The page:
If you’ve already been through earlier stages of cancer, you’re now gearing up for a new experience. Metastatic breast cancer can cause additional symptoms that you may not have dealt with before, as well as new or stronger side effects from treatment.

Here are a few coping strategies that can be helpful:

  • Gather information: Talk with your doctor and find out everything you can about your diagnosis, outlook, and treatment options. Doing this can help you feel more in control.
  • Do fun things: To help take your mind off the fear and stress, make time for activities you enjoy, such as spending time with loved ones, creating art, journaling, listening to music, or spending time with a pet.
  • Stay connected: You might feel the need to withdraw from social connections after your diagnosis, but try to resist this urge. Surrounding yourself with friends and loved ones can help you find much-needed emotional support during this difficult time.
  • Get peer support: In addition to family and friends, it can be really helpful to reach out to a support group for people with breast cancer. There may be an in-person support group at the facility where you receive treatments. You can also find groups to join online or on social media or download Healthline’s Bezzy Breast Cancer app.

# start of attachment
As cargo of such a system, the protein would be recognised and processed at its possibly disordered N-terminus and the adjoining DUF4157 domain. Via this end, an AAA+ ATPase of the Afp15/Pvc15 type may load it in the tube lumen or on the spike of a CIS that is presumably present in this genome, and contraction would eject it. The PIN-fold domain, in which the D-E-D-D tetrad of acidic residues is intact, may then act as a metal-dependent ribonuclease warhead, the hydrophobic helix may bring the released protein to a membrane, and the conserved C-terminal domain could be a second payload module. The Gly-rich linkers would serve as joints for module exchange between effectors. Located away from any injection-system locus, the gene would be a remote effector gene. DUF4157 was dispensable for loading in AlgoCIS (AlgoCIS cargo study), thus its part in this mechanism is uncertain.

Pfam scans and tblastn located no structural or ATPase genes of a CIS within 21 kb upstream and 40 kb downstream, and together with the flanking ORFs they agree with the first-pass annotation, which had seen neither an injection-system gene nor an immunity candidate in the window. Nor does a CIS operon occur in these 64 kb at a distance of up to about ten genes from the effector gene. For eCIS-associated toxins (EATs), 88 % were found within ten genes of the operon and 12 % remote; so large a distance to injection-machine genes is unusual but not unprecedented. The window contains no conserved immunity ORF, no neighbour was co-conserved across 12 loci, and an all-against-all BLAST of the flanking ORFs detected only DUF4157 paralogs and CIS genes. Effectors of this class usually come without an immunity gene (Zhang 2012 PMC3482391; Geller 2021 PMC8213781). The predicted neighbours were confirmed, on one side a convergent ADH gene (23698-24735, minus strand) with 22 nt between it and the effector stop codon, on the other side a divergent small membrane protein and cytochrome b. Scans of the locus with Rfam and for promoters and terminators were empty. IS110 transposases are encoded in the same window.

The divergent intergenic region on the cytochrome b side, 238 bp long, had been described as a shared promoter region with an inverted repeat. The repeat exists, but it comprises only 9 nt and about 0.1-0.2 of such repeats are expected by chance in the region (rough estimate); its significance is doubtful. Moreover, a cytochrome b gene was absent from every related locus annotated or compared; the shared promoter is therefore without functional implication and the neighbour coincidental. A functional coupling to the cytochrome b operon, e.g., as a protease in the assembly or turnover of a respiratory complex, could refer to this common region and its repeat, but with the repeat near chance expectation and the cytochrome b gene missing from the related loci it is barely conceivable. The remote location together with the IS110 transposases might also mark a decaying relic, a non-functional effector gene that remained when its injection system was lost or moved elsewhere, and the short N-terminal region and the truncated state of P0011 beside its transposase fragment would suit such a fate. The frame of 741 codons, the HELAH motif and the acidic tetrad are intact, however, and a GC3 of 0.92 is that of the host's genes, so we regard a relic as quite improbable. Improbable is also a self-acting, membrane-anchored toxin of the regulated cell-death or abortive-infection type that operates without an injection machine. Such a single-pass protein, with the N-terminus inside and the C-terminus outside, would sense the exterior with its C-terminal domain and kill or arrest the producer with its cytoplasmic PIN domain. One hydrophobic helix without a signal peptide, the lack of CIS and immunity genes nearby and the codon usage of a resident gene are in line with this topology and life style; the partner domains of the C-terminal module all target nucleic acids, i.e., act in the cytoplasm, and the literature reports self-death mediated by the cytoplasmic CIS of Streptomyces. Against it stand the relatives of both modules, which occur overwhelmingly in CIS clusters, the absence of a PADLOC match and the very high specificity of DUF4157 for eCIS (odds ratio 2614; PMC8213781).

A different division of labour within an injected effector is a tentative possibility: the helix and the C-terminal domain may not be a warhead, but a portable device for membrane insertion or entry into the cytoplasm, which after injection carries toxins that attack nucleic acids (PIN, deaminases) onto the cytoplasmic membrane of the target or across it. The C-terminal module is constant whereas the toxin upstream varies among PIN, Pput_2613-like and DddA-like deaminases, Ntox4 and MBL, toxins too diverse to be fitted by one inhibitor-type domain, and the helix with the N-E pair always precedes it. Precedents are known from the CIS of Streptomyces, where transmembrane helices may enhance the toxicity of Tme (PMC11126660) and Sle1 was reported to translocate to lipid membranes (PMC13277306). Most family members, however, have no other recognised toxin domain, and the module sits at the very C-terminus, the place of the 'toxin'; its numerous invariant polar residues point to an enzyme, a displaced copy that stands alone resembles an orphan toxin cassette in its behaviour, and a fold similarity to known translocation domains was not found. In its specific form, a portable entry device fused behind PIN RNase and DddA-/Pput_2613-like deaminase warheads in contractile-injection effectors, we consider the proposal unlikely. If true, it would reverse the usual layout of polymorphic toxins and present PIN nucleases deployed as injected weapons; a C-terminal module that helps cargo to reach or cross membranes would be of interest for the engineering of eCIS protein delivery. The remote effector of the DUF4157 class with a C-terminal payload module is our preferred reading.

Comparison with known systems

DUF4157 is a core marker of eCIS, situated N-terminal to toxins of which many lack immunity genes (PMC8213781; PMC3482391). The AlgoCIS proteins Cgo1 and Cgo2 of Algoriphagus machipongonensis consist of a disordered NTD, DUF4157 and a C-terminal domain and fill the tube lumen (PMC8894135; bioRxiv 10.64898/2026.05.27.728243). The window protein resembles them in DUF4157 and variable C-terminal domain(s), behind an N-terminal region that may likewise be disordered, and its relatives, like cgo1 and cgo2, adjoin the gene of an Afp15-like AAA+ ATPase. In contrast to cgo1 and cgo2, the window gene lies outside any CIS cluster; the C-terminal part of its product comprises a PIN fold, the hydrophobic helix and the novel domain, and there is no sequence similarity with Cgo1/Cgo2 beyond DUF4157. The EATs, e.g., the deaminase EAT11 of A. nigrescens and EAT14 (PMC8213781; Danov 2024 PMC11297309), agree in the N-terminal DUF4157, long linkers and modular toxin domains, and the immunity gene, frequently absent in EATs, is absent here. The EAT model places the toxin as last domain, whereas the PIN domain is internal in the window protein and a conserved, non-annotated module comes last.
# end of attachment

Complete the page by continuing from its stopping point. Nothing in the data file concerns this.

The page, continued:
A diagnosis of stage 4 breast cancer, whether it’s a first diagnosis or a recurrence, can bring up a range of emotions. You might feel angry or scared or even experience a numb feeling. There isn’t a wrong or a right way to feel.

A diagnosis of stage 4 breast cancer can feel daunting because it’s the most serious stage of the disease. But undergoing treatment and making necessary lifestyle changes can greatly improve your outlook.

Researchers are continuing to examine different treatment options for stage 4 breast cancer. You might consider participating in clinical trials to help researchers better understand breast cancer and develop potential cures.

Your healthcare team can help you assess the potential benefits and risks of experimental treatments.